The La Cobata head is more or less rounded and measures 3 by 3 metres (9.8 by 9.8 ft) by 3.4 metres (11 ft) high, making it the largest known head. This massive sculpture is estimated to weigh 40 tons. It is stylistically distinct from the other examples, and Beatriz de la Fuente placed it late in the Olmec time frame. The characteristics of the sculpture have led to some investigators suggesting that it represents a deceased person. Norman Hammond argues that the apparent stylistic differences of the monument stem from its unfinished state rather than its late production. The eyes of the monument are closed, the nose is flattened and lacks nostrils and the mouth was not sculpted in a realistic manner. The headdress is in the form of a plain horizontal band.
The original location of the La Cobata head was not a major archaeological site and it is likely that the head was either abandoned at its source or during transport to its intended destination. Various features of the head suggest that it was unfinished, such as a lack of symmetry below the mouth and an area of rough stone above the base. Rock was not removed from around the earspools as on other heads, and does not narrow towards the base. Large parts of the monument seem to be roughed out without finished detail. The right hand earspool also appears incomplete; the forward portion is marked with a sculpted line while the rear portion has been sculpted in relief, probably indicating that the right cheek and eye area were also unfinished. The La Cobata head was almost certainly carved from a raw boulder rather than being sculpted from a throne.
Takalik Abaj Monument 23 dates to the Middle Preclassic period, and is found in Takalik Abaj, an important city in the foothills of the Guatemalan Pacific coast, in the modern department of Retalhuleu. It appears to be an Olmec-style colossal head re-carved into a niche figure sculpture. If originally a colossal head then it would be the only known example from outside the Olmec heartland.
Monument 23 is sculpted from andesite and falls in the middle of the size range for confirmed colossal heads. It stands 1.84 metres (6.0 ft) high and measures 1.2 metres (3.9 ft) wide by 1.56 metres (5.1 ft) deep. Like the examples from the Olmec heartland, the monument features a flat back. Lee Parsons contests John Graham's identification of Monument 23 as a re-carved colossal head; he views the side ornaments, identified by Graham as ears, as rather the scrolled eyes of an open-jawed monster gazing upwards. Countering this, James Porter has claimed that the re-carving of the face of a colossal head into a niche figure is clearly evident.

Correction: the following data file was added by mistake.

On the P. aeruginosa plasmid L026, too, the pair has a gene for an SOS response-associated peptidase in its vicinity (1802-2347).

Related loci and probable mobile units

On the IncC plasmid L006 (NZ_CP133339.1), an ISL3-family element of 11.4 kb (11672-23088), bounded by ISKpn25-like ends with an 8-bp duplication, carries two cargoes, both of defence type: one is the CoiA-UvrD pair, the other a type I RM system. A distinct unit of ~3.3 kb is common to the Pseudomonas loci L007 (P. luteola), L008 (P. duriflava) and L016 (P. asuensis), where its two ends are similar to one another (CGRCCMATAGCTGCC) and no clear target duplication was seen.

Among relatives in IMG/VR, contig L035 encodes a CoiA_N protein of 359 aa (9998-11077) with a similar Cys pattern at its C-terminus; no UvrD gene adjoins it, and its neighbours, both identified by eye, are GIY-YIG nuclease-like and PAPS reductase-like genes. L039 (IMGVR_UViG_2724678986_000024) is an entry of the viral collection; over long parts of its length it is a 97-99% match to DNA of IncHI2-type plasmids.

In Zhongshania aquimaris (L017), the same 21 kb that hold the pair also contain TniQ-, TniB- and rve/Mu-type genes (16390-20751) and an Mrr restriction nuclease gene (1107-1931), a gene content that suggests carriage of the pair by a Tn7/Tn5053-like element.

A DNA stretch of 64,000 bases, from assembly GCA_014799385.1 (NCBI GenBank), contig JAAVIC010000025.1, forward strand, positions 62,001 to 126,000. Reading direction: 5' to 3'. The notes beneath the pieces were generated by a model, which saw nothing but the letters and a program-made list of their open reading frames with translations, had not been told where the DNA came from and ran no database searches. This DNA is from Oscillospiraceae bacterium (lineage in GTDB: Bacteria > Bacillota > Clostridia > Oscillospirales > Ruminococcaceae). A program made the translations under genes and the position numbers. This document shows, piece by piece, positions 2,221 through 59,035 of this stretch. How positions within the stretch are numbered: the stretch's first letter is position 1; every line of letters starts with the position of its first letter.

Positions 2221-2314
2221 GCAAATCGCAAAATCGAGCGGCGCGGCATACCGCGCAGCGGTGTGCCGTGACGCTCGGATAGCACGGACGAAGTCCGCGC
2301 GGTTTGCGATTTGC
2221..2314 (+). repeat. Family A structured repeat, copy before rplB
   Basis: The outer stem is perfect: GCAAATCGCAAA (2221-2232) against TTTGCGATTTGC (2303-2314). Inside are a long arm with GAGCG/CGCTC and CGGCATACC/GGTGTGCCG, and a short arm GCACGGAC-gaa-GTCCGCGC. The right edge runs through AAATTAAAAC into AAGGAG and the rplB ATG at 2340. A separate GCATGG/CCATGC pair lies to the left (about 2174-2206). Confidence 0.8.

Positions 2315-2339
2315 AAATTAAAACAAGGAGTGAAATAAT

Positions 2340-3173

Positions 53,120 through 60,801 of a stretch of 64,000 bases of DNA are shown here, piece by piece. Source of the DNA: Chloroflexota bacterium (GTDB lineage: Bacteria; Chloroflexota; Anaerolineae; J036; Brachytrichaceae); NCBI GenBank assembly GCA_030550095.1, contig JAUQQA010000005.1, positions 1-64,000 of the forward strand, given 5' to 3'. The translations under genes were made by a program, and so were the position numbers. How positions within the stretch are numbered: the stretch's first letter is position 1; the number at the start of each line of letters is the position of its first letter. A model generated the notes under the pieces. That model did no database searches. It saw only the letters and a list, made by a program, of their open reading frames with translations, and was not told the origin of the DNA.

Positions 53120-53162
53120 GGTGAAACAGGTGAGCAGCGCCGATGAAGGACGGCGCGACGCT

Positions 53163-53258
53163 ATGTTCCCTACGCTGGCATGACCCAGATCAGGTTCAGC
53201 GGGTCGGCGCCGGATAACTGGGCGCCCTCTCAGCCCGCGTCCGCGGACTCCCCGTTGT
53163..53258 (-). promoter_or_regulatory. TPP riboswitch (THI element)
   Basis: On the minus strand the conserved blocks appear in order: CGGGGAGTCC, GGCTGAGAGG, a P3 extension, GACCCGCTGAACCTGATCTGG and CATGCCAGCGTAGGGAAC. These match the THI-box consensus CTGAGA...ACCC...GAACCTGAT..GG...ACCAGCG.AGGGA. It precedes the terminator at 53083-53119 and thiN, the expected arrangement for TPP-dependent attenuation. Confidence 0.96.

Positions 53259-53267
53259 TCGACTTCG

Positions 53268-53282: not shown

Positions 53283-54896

Monument 23 was damaged in the mid-twentieth century by a local mason who attempted to break its exposed upper portion using a steel chisel. As a result, the top is fragmented, although the broken pieces were recovered by archaeologists and have been put back into place.
All of the 17 confirmed colossal heads remain in Mexico. Two heads from San Lorenzo are on permanent display at the Museo Nacional de Antropología in Mexico City. Seven of the San Lorenzo heads are on display in the Museo de Antropología de Xalapa. Five of them are in Sala 1, one is in Sala 2, and one is in Patio 1. The remaining San Lorenzo head is in the Museo Comunitario de San Lorenzo Tenochtitlán near Texistepec. All four heads from La Venta are now in Villahermosa, the state capital of Tabasco. Three are in the Parque-Museo La Venta and one is in the Museo del Estado de Tabasco. Two heads are on display in the plaza of Santiago Tuxtla; one from Tres Zapotes and the La Cobata Head. The other Tres Zapotes head is in the Museo Comunitario de Tres Zapotes.
Several colossal heads have been loaned to temporary exhibitions abroad; San Lorenzo Colossal Head 6 was loaned to the Metropolitan Museum of Art in New York in 1970. San Lorenzo colossal heads 4 and 8 were lent to the Olmec Art of Ancient Mexico exhibition in the National Gallery of Art, Washington, D.C., which ran from 30 June to 20 October 1996. San Lorenzo Head 4 was again loaned in 2005, this time to the de Young Museum in San Francisco. The de Young Museum was loaned San Lorenzo colossal heads 5 and 9 for its Olmec: Colossal Masterworks of Ancient Mexico exhibition, which ran from 19 February to 8 May 2011.
On 12 January 2009, at least three people, including two Mexicans and one American, entered the Parque-Museo La Venta in Villahermosa and damaged just under 30 archaeological pieces, including the four La Venta colossal heads. The vandals were all members of an evangelical church and appeared to have been carrying out a supposed pre-Columbian ritual, during which salts, grape juice, and oil were thrown on the heads. It was estimated that 300,000 pesos (US$21,900) would be needed to repair the damage, and the restoration process would last four months. The three vandals were released soon after their arrest after paying 330,000 pesos each.